Growing up in the Soviet Union presented a number of challenges for youth culture that wanted to be free of the restrictive demands of the state. That’s how things like samizdat literature and bootleg Western music pressed onto old x-ray film happened. Along with these attempts to smuggle in outside culture, internal youth culture developed as well, leading to the phenomenon known as The Forest Lectures.
The Forest Lecture was a way for Soviet teens could try to meet one another and express subversive ideas privately, along with a way to meet romantic/sexual partners. The common method was for a trio of teens to arrange to meet; by having three, suspicions about their potential romantic intent could be allayed, and books and other study materials were used to suggest an academic or political intent. Clothing was formal, also to convey a tone of solemnity.
One of the participants would have expressed a romantic interest in one other, and so the three would drive out to a forest, park in a clearing, and the teen that suggested the meeting would issue a short “love lecture” where they would outline their benefits as a romantic partner. Sometimes charts would be involved. Any of the participants could take the lead here, and same-gender pairings were possible, though at the time far more risky than this practice already was.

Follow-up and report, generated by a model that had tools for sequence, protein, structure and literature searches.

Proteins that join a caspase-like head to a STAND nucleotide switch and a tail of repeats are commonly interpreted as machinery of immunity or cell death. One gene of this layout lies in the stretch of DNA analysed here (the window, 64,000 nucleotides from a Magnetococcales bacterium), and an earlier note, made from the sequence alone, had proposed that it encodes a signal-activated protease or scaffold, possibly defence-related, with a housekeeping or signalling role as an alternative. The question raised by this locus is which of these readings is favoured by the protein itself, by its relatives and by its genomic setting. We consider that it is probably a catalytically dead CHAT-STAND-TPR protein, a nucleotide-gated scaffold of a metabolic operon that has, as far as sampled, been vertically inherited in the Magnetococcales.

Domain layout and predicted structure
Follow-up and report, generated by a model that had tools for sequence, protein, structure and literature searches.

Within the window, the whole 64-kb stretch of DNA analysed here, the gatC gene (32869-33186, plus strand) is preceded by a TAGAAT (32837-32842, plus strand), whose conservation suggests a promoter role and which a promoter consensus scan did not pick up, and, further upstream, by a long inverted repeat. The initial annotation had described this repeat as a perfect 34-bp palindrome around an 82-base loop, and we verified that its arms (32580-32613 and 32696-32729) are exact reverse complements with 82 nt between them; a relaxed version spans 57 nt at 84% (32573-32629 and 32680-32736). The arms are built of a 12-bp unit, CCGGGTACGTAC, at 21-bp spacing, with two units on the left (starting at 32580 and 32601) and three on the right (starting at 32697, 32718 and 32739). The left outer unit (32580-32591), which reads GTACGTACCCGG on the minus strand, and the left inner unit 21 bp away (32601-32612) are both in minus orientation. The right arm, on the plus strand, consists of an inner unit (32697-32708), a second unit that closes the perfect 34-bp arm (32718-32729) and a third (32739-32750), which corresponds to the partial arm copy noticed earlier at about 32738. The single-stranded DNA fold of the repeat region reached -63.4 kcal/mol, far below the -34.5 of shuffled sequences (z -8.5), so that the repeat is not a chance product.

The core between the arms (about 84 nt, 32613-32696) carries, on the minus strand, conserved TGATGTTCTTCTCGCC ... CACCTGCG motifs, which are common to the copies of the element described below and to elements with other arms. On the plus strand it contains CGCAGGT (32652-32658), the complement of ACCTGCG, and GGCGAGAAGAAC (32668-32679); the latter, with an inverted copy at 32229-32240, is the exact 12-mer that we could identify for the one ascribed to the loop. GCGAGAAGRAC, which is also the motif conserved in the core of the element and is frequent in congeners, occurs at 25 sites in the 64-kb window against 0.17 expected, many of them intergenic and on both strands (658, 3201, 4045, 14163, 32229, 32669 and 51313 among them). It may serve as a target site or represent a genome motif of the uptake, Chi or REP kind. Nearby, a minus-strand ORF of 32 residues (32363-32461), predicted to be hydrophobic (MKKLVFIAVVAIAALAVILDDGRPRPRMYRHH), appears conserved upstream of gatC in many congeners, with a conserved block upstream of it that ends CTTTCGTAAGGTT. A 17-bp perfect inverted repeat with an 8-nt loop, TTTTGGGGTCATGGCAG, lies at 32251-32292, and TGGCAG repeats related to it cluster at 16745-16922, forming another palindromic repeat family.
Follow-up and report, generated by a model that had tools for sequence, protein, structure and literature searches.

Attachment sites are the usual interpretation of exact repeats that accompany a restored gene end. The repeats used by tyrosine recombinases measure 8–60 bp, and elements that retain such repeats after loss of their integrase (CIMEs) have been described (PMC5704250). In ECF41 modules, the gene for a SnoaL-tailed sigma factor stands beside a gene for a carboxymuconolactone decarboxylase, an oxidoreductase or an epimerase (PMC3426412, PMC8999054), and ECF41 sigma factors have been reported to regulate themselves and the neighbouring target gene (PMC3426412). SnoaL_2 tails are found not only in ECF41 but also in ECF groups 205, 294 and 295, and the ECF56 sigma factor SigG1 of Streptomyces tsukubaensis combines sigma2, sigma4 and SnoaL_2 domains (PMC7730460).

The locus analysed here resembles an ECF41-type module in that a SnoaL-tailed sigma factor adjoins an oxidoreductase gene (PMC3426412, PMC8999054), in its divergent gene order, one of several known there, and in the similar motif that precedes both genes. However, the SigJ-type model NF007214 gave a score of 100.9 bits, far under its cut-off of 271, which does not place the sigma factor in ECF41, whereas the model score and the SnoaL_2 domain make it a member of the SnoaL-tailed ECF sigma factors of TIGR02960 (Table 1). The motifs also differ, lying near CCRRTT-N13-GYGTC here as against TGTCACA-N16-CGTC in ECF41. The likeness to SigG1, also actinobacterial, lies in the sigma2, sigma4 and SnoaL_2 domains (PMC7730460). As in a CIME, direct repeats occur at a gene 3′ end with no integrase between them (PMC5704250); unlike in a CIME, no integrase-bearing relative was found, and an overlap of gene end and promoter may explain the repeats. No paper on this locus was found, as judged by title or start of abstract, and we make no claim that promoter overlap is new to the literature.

If the lecture was well received, the targeted participant could agree to going at it right there in the woods, with the friend/third party keeping watch. If not, firm handshakes were exchanged, and the group would return to town.
Notably, the third party was allowed to object to the lecture, or add their own commentary, pro or con.
This Volga ad is interesting in that it’s one of the only semi-official photographs showing a Forest Lecture scene in action. While never overtly admitted, Soviet teenagers would have recognized the situation immediately, as it makes no sense in any other context: a car parked in the woods, with three young people in formal clothes, one with an armload of books, standing by a tree? What the hell else would it be?
In modern former Soviet states, Forest Lecture re-enactments have become popular for dating as a kitchy form of role-play.